The Monza win was massive for Daniel Ricciardo. His problems this year at McLaren were just starting to chew away at him and you could see he was thinking ‘what do I need to do?’ The weird thing is he’s been struggling with braking and Monza is the worst place for that! I actually think Lando Norris’s gaming background has been beneficial on this one. I never thought I’d say that, but Lando seems to have an extra sixth sense for when the car becomes loose and how it rotates in the braking zone, which I think comes from his virtual gaming. It’s taken Daniel longer to adjust in the real world, but good on him for sticking with it. It just proves, don’t give up.
It will be interesting to see how Lando deals with it now because suddenly he’ll have a team-mate on form and probably consistently so, which Daniel always was before. I’m sure Lando was thinking ‘dammit’ finishing second, but he is a team player. The biggest plus is for McLaren. There’s a long way to go for the team, but it did have a good car all weekend and it’s great to see that name back on the top step.
Aside from the McLaren feel-good factor, we also had the collision between Lewis Hamilton and Max Verstappen in Italy. When considering such moments I always put my helmet back on, so to speak. Max absolutely had a right to give that move a go. But under braking going into that chicane as Lewis came out of the pits he’d have known there was a good chance it wasn’t going to work out. Max judged it beautifully as they turned into the right and there was a gap there at that stage – but when they were about half way between the right and the left that gap disappeared. Drivers don’t intentionally use the big orange sausage kerb inside the left-hander because, well, you can’t at that chicane because you know the car will bounce you off the line you are on – so you never touch it! – but he could and should have gone to the left of it. Watching it back, Max was turning right so far into the corner and Lewis was taking the normal line, as was his absolute right.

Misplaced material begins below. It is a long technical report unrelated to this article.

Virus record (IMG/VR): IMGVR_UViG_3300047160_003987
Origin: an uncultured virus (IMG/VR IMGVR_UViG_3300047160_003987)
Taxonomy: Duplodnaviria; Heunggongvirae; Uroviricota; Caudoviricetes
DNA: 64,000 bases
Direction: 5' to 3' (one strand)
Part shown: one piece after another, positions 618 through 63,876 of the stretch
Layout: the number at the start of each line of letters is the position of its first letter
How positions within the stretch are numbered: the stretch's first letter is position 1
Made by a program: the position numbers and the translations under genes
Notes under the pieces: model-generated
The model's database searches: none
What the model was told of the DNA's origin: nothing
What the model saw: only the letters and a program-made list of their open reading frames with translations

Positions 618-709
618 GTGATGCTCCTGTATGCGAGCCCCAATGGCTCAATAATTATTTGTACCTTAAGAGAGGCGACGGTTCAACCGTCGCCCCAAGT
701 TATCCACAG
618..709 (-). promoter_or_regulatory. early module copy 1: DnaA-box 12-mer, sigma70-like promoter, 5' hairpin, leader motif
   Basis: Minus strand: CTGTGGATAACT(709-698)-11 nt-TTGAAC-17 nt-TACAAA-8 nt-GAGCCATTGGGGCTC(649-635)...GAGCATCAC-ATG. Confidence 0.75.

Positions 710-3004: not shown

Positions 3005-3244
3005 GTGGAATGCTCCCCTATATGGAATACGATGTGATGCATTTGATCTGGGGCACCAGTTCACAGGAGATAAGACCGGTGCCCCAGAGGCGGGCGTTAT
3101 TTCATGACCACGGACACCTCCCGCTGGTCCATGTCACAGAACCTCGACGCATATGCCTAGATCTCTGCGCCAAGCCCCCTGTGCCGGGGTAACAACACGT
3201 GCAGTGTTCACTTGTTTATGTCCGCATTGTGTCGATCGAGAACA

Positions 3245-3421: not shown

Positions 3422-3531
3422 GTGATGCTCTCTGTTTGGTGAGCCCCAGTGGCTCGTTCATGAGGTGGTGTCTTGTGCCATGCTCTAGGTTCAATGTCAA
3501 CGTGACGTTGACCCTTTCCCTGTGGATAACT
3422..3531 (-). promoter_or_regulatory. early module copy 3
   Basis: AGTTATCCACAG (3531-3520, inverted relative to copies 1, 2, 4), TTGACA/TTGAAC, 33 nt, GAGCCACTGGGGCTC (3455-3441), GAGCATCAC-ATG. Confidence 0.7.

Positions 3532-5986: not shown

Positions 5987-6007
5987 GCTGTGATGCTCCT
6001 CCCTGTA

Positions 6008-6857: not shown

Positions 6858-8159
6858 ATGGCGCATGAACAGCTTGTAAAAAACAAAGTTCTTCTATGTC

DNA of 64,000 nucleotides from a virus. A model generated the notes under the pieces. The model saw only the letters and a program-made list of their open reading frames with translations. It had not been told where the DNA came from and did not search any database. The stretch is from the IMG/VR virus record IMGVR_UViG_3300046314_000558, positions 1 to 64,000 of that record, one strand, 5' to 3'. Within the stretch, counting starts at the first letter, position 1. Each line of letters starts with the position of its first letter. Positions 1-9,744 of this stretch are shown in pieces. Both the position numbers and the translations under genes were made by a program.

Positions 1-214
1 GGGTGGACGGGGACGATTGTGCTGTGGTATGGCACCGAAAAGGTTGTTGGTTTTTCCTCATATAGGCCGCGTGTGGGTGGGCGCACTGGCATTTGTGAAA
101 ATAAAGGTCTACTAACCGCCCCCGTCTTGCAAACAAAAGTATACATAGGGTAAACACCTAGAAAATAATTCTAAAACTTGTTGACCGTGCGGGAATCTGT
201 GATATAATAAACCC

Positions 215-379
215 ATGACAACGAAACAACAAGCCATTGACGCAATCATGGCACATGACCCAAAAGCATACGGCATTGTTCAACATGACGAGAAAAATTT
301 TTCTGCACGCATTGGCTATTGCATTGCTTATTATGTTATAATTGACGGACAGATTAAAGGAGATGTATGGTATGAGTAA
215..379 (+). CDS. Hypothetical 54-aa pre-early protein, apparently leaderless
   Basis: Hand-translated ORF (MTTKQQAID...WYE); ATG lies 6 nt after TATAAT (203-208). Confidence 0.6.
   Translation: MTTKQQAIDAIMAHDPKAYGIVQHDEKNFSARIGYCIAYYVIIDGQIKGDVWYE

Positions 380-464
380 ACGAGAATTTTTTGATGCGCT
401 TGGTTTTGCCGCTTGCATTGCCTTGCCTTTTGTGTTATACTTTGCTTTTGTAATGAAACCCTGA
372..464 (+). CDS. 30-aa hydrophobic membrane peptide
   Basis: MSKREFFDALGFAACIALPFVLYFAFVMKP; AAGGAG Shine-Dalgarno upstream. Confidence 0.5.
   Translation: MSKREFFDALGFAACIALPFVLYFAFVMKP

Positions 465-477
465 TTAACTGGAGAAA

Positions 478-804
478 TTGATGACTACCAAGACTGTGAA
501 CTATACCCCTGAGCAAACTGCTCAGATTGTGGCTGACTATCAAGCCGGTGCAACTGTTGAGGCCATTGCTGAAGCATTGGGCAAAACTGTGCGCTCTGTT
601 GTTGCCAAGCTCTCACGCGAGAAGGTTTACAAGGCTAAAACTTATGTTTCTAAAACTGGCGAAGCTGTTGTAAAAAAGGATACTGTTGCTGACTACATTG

“A racing mentality is a not to leave space; it’s to give as little possible”
People say Lewis should have given him room – but why? Where has this mentality come from? From when I was karting, through the junior formulas and into F1, I never expected anyone to give me a corner –I had to earn it. A racing mentality is not to give space, it’s to give the least space you possibly can to avoid getting tangled up. Beside me on Sky F1 Damon Hill alluded to Max perhaps thinking, ‘I’ll go in – if it doesn’t work out we’ll probably clash and we’ll both go off.’ There is that question, what Toto Wolff called a “tactical foul”, because he committed to a gap that wasn’t there. To me, the essence is to be hard but fair. Lewis was fair and so was Max – up until the point where he should have gone left and cut through.
The Silverstone clash was different in my opinion; both could have helped each other. On his occasion I can’t see how you can say that. Yes, Lewis could have turned right – but you’re expecting a driver to turn right when the corner goes left, to give space to the guy who hasn’t actually got room to get past? That’s Lewis’s fault?
I love Max and always have, from the moment he arrived in F1 at 17. I don’t want to dilute the way he races because I love that about him. But on this occasion I don’t think what he did was right. Also, look at what happened at the second chicane on lap one. Max squeezed Lewis, Lewis realised what was happening and cut the chicane. That was the right thing to do, and Max for me did nothing wrong with his squeeze. That’s racing.
Something that isn’t right is all these radio messages coming from drivers saying that ‘he squeezed me’, ‘he pushed me off ’. They are all going back to and are intended for the race director, Michael Masi. I hate it. I sometimes wonder, with all these rules and the emphasis on track limits, whether one day someone will try and sue another driver for losing a world title. You’ll see an ad on TV: ‘Do you feel you lost the World Championship because someone took you off ? Give us a call!’. I’ve said it before: on these written or unwritten rules for racing there needs to be a reset.
Johnny Herbert was a Formula 1 driver from 1989-2000 and a Le Mans winner in 1991. He is a regular contributor to Sky Sports F1
Follow Johnny on Twitter @johnnyherbertf1